Shyam got up from the bed and rubbed his eyes. He took up the toothbrush from its holder and looked into the mirror. What stared back at him was a stocky and hairy mass of fat. He looked into its eyes for a few seconds, the brush waiting to touch his yellow teeth.
In office, his mind wandered back to his physique. Although he had shaved and got a haircut later that morning, he didn’t feel good. Yesterday he had overheard Nimmi and Himani going gaga over a film star’s packed abs and bulging biceps. What did he have in comparison? No one ever praised him, except the boss when there was work to be done, or when the appraisals were done and dusted and he wasn’t given the increment his year-long efforts deserved. Why?
That weekend, Shyam caught the train to his hometown to meet his parents. His mother had cooked his favourite Bhindi Masala for him. Many marriage proposals were coming for him but he wasn’t in any hurry.
“Beta, why are you rejecting every proposal? Mahender ji’s daughter is well-read, fair and tall. She knows you from your school days. What’s the matter? Girlfriend hai kya koi? (Do you have an girlfriend?)” His mother asked between morsels of food.
“No, mum. It’s not like that.”
“Then? Are you gay?”
“Mum!” Shyam looked at her, offended she even thought so.
His mother laughed mirthlessly. “Relax, son. Tell me what’s the problem?”
“I am concerned about my body image, mum. Despite my best intentions, people don’t look at me the way I expect them to – with admiration. I mean they do admire me for my work but I want to be noticed for my looks too.”
“You are handsome, son. I love you.”
“Of course you do, mum. And I love you too. But I’m talking in general terms, not about us.”
“Get married, and you’ll get all the love and admiration you want,” she said naughtily.
“Bah! The panacea to all ills – Marriage! I don’t want my wife to admire me just because I’m her hubby. As a person too, I want that admiration.”
“And what do you think you should do to get that admiration?”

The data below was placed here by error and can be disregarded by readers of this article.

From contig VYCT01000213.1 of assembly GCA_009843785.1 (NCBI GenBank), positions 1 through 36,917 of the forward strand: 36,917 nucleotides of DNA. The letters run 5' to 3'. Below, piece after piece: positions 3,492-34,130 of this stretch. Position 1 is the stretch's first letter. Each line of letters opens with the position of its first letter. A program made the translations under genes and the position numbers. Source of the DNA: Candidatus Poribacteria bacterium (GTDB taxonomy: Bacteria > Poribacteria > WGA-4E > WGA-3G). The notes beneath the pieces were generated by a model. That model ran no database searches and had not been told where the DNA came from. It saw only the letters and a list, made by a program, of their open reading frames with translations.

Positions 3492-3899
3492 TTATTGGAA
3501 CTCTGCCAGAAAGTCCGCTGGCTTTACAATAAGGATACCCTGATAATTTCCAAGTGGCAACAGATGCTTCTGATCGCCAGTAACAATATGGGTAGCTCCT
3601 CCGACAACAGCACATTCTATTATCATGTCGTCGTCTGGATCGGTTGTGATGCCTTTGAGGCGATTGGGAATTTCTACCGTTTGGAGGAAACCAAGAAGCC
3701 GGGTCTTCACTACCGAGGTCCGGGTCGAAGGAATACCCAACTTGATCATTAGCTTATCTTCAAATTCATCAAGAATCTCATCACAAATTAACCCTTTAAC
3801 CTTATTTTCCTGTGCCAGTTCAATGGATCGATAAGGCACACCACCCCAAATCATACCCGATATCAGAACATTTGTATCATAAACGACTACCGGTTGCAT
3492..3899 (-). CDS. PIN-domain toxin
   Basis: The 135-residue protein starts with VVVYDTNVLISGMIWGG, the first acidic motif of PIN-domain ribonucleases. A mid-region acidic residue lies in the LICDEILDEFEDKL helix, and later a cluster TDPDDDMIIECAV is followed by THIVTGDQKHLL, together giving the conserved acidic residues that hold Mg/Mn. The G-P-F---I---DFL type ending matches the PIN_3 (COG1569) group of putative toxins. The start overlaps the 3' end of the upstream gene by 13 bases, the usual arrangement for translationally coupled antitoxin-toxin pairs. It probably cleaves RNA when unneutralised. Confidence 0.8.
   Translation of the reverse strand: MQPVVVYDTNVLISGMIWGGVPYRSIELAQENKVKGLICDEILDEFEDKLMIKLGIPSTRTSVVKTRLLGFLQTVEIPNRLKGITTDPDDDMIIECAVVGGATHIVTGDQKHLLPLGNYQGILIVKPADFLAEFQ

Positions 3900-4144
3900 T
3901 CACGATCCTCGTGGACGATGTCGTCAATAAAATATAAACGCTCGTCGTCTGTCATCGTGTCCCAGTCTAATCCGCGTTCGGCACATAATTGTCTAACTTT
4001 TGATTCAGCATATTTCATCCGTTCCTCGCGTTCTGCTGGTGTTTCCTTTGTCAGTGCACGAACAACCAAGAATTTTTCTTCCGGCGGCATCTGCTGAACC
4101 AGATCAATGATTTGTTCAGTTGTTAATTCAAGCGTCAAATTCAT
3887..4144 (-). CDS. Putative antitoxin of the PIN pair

“Don’t know, ma. I tried gym once but that’s not my thing.”
“You see, son. This skin is an illusion. What matters is how you are as a person, what you have in your heart for others. An attractive face with a dark heart will always be poorer than a beautiful heart. That’s what matters in the long run. And you have that beauty inside you.”
Shyam felt slightly better hearing his mother say that but it still didn’t do anything to improve his self-appraisal.
Enter Beena! Beena who? Beena i.e. Mahendraji’s daughter. She was Shyam’s schoolmate. The two bumped into each other at the local market next morning. Shyam was feeling awkward but if Beena was feeling so too, she didn’t show it. In fact, she looked ecstatic.
“Well, well. Mr. Manager himself,” she ribbed, referring to his designation.
“How are you, Beena?” Shyam asked, then noticed her.
“I’m good. Trying to deal with the rejection of my proposal.”
“Um, err..,” Her reputation for blunt talk hadn’t prepared him for this. He was finding it hard to avoid staring at her. Gone was the school’s Hidimba (a fat demoness from the Mahabharata). She was transformed. He cursed himself for rejecting her without asking his parents for her photo.
“Something the problem, sir? Any female friends in the city who are waiting on you for the saat pheras (marriage vows)?”
He noticed her slender waist and strong forearms, plus the redistribution of her body mass in the right places. “It’s not like that. I actually don’t want to marry at this time.”
“At this time? You’re 30, for God’s sake, not 20. What’s the right time for you?”
“Forget about me, what about you? What’ve you been up to? It’s been what, 12 years since we last talked?”
She sighed audibly,”How time flies!”
“Yeah. Tell me, how did all this transformation come about?” He said, motioning with his hands.
“You mean my weight?”
“I care for my body, Shyam. This is my temple.” Shyam shot a quizzical look.
“I run in the mornings, 5 km daily. After office, I play tennis in the academy near the cricket ground. 2 hours. Daily!”
She paused for her words to take effect. Shyam’s mouth was agape.
“And I cycle at nights three times a week, after dinner.”
“What?” He was incredulous.
“Yep. I had to take up something given the way I was ballooning. I had crossed the century mark. I was the butt of jokes even more than in the school days. My self-esteem was at rock bottom. I resolved to fight my obesity. And here I am, four years later, fit as a horse. Now I have the confidence to take on the world.”
“Great,yaar. You’ve changed spectacularly. You look, er, gorgeous now.”
“Thank you. But what about you? What led to this condition? You’re looking like a Devdas (hurt Romeo).”
Shyam told her everything over a cup of tea. He also ordered samosas, which she refused (he devoured them!). As Beena elaborated on the benefits of sports in daily life and their role in improving one’s self-esteem, he started developing a mental blueprint for his future. There was a swimming pool a stone’s throw from his apartment in the city. He used to see people running and walking in the park next to his building. Now he knew what he had to do. A while later, Beena said, “I gotta go. Mum would be waiting for the veggies.”
Shyam hesitatingly said, “Can I ask you something?”
“Sure,” she said nonchalantly.
“Beena Thakur, will you marry me?”
She smiled wryly and said, “Let’s talk about that a year on from now.”
Shyam watched in amusement as she started her Activa and zoomed away.